HOMILY FOR THE 4TH SUNDAY OF LENT YEAR A.
THEME: New Sight through Following the Light.
BY: Fr. Luke Ijezie.
Resp. Psalm 23:1-6
The fourth Sunday of Lent is traditionally regarded as a Laetare Sunday, which means a “joyful Sunday”. It is a special joy in the sober atmosphere of the Lenten period. The joy emerges from a new thing that God does in the life of His people. In the Gospel of today, this new thing is the new sight that God brings about in a situation of total blindness.
1. The Gospel text, taken from John 9:1-41, is a rather long but fascinating passage. The story, which is about the healing of the man born, is a favourite one for biblical interpreters as it opens up many significant issues about the ministry of Jesus. The story begins with the restoration of the man’s physical sight through a rather complex ritual: Jesus spat on the ground, mixed clay with his saliva, smeared the clay on the man’s eyes and made him to wash in the Pool of Siloam.
But why does Jesus adopt this elaborate ritual instead of curing the blindness with a simple word as usual? Scholars see the making of the paste with saliva as recalling the creation of man (Adam) with clay in Gen 2:7. So, from this light, the whole miracle is a new creation. It is in the man born blind that God’s new creative work is being revealed. The whole story is about the revelation of this new work of creation. In the development of the story, the man moves gradually from physical sight to spiritual sight, as Jesus reveals his identity to him. Jesus, in the context, distinguishes between physical blindness and spiritual blindness. Since he himself is the light, all who do not walk with him are blind, even when they think they see. For Jesus, refusal to walk with him is decision to remain in blindness and darkness, and that is sin. Sin is refusal to follow the light.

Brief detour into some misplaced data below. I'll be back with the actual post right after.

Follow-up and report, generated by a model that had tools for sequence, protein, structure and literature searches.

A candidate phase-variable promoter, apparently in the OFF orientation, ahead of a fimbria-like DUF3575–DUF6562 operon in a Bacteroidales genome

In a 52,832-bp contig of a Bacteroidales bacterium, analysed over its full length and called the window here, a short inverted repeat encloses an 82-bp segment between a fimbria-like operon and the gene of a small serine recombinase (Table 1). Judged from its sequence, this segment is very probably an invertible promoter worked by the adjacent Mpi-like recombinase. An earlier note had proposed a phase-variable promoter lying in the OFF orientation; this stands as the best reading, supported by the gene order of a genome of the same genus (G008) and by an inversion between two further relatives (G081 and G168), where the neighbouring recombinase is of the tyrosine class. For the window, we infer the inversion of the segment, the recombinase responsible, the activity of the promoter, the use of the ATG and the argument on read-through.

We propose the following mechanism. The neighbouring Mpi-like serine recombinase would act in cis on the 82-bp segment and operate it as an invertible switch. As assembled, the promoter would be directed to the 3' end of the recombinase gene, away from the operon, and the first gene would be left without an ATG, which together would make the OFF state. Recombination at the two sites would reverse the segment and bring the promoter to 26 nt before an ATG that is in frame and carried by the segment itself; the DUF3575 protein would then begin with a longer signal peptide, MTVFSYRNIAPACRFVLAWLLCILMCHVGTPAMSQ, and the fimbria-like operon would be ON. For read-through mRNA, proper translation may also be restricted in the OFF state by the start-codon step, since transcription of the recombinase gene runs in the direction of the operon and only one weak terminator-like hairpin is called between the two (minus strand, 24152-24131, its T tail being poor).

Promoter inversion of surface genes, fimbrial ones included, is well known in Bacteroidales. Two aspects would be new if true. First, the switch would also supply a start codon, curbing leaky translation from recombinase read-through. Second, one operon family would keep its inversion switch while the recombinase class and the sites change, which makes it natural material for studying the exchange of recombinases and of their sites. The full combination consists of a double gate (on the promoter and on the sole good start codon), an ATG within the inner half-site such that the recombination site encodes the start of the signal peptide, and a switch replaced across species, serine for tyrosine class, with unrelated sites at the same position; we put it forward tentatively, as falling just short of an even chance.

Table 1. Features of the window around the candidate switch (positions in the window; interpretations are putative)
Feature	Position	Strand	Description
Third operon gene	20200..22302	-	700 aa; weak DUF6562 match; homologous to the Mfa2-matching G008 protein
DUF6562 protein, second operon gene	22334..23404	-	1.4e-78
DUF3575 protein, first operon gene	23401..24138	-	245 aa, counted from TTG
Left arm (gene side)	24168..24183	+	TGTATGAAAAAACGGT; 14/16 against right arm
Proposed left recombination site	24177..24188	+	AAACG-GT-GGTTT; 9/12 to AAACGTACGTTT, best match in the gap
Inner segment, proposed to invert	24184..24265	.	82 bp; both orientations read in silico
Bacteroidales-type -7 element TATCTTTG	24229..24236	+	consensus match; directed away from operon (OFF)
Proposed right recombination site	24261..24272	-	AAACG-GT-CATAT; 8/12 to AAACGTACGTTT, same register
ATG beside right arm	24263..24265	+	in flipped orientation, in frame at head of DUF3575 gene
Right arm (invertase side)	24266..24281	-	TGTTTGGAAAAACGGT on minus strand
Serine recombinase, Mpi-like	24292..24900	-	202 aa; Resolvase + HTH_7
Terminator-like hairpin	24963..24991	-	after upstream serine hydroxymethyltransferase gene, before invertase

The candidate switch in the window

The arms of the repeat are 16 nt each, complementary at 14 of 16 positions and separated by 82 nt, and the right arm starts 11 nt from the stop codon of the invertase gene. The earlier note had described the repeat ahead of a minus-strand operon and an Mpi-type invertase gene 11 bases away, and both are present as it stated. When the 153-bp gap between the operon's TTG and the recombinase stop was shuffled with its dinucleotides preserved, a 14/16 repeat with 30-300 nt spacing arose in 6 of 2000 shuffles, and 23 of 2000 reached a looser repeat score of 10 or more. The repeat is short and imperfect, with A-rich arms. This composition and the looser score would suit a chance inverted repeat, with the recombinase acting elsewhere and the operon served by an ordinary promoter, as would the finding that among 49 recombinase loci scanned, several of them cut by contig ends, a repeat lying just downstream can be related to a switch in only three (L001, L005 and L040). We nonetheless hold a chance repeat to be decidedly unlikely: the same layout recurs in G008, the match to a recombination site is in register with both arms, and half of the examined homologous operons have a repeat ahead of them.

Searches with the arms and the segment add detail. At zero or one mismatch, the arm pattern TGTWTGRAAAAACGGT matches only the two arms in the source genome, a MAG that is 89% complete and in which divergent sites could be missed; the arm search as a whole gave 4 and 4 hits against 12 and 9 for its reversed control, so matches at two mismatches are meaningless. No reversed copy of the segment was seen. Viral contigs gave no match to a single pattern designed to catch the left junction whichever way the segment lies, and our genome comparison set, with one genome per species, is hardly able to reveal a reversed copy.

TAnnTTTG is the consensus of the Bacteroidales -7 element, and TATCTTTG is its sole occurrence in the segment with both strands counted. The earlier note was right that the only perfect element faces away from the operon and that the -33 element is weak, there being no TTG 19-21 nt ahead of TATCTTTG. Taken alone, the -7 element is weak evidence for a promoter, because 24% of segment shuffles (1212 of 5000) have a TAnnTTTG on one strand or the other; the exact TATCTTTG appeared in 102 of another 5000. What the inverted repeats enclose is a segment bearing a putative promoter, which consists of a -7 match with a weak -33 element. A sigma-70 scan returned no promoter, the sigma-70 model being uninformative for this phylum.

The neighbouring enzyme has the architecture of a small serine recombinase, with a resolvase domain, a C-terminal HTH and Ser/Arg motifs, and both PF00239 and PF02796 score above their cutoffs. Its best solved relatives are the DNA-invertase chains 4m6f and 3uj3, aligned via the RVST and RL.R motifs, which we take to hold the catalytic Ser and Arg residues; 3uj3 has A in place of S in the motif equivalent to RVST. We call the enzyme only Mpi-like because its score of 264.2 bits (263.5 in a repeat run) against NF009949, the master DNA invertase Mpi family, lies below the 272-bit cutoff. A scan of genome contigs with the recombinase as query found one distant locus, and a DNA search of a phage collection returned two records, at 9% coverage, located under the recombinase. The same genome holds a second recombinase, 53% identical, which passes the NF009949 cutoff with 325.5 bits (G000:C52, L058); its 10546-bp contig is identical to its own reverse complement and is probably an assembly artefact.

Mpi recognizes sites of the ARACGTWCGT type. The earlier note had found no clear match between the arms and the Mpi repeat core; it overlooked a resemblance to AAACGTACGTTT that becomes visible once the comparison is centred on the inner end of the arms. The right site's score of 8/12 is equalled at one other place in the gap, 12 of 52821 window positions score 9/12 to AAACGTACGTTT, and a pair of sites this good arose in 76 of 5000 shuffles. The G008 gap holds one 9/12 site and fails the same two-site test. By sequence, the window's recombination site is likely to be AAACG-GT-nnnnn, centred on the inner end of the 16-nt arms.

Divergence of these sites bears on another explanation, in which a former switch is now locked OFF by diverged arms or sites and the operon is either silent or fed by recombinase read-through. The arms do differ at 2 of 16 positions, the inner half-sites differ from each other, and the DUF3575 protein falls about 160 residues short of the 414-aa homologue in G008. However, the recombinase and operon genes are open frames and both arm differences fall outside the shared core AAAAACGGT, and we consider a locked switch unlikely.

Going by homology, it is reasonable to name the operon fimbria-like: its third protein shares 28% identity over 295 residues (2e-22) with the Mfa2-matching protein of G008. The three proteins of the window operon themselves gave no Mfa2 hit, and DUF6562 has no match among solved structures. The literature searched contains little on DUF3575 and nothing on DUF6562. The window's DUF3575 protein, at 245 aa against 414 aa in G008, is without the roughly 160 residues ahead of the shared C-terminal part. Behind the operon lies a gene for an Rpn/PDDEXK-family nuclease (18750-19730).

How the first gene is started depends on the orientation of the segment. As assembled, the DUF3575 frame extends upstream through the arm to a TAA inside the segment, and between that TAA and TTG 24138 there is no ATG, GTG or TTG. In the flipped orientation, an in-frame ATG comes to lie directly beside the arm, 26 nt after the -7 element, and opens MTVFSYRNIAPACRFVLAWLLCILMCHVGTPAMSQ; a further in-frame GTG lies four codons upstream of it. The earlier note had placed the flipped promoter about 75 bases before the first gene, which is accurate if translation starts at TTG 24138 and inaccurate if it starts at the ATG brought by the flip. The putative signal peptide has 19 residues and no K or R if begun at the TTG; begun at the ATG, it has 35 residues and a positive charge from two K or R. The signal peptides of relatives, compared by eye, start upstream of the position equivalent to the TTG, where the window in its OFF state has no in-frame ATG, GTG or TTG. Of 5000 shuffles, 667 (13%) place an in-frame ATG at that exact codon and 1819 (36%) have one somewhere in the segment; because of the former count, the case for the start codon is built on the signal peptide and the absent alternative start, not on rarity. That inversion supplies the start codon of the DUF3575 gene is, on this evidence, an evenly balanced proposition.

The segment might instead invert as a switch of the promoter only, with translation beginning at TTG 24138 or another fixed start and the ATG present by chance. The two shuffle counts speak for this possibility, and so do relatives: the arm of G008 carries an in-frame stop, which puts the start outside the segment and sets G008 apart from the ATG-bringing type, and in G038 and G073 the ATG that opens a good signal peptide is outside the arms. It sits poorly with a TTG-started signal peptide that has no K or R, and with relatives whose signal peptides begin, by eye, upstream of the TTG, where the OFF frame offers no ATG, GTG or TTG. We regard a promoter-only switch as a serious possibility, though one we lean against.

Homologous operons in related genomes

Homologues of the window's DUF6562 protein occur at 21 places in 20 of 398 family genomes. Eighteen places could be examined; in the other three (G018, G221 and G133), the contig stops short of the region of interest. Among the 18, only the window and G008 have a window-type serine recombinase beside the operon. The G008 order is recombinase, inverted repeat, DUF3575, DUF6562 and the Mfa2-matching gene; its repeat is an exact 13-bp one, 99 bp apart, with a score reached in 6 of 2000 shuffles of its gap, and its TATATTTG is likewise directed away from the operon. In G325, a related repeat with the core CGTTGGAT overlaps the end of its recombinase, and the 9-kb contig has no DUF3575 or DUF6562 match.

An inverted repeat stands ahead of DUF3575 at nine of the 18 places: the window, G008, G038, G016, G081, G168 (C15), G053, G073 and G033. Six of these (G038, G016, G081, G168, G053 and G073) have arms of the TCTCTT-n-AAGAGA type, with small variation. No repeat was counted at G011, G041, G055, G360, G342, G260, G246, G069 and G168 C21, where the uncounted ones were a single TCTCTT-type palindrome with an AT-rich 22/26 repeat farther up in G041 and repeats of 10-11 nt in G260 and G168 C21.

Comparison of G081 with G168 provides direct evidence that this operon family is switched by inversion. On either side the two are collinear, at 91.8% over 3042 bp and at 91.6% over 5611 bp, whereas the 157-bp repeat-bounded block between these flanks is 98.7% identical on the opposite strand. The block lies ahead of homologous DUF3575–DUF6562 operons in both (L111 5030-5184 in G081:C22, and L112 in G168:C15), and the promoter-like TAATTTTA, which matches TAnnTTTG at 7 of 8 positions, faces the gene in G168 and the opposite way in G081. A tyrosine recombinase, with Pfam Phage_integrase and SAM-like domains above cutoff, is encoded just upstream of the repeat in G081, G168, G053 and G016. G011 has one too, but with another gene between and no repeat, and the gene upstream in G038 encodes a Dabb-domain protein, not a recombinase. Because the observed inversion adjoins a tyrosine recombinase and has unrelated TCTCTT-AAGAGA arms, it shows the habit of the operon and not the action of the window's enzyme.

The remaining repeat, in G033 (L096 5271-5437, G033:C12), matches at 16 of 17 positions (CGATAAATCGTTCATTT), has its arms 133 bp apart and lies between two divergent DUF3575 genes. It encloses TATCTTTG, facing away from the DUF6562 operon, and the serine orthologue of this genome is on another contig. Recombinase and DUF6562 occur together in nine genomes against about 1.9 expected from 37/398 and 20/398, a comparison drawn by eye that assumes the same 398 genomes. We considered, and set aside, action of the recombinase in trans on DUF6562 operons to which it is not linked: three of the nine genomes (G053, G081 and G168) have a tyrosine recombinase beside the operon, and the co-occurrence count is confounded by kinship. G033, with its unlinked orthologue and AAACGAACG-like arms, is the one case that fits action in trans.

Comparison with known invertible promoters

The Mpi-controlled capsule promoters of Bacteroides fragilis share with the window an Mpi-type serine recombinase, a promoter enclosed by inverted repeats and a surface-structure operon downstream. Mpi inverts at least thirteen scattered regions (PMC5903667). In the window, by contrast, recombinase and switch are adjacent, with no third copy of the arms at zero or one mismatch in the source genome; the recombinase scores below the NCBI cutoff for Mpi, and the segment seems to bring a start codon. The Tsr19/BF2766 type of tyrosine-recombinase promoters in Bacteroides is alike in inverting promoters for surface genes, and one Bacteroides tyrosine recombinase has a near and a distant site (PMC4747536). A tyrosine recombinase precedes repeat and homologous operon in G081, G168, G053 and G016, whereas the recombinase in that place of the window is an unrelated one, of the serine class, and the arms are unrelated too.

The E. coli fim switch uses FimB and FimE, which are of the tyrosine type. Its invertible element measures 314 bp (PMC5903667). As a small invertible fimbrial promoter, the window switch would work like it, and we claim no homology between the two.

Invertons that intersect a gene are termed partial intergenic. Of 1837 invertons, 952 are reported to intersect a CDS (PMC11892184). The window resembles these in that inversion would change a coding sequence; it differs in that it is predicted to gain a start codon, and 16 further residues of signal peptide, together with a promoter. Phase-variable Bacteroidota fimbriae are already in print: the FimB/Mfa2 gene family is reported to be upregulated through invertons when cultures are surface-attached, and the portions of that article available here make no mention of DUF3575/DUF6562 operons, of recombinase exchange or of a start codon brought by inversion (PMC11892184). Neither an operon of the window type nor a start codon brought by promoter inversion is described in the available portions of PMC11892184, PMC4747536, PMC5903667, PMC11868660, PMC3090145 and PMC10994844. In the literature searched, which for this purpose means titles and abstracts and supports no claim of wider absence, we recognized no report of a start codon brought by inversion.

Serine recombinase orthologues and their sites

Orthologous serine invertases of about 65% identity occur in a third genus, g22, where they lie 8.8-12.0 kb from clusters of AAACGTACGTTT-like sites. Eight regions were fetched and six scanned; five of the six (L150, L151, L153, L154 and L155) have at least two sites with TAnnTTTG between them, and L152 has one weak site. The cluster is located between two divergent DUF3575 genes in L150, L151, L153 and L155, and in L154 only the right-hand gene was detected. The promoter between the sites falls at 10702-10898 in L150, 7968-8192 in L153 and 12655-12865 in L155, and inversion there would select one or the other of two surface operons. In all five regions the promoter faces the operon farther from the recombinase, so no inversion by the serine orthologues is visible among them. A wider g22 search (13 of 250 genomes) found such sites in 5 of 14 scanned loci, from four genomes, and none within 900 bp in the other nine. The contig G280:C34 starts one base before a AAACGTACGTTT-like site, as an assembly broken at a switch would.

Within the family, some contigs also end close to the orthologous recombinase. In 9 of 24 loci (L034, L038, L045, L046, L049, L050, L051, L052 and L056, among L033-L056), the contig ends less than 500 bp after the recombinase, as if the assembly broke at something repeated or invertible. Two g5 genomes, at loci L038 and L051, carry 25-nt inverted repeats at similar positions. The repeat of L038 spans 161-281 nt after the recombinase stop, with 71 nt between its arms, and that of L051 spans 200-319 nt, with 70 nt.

2. We find this in the second reading of today from Eph 5:8-14, as Paul admonishes the Ephesians: “You were once darkness, but now you are light in the Lord. Live as children of light, for light produces every kind of goodness and righteousness and truth” (5:8-9). He urges all to follow Christ who is the light and only hope of authentic life.
3. In the responsorial psalm from Psalm 23, all who follow the Divine Shepherd find refreshment, security and abundant life. To find true life, one must follow God as Shepherd and His human agents, just as is narrated in the first reading from 1Sam 16 where David is chosen as the anointed one to shepherd God’s people. David’s shepherding role over God’s people has now been taken over by Jesus. All who follow him find true life.
4. The presence of Jesus in the life of every person brings about a new life, a passage from darkness to light, a joy indescribable. As long as we refuse to follow Jesus and his teaching, we continue to grope in darkness with all its attendant evils: emptiness, injustice, mutual hate, conflict, rancour, violence, death. Sometimes we pretend to see but our actions betray us as still remaining in the dark and in blindness.
We pray that our lives as individuals and community may be illuminated by the creative, healing and liberating light of Christ! Amen!
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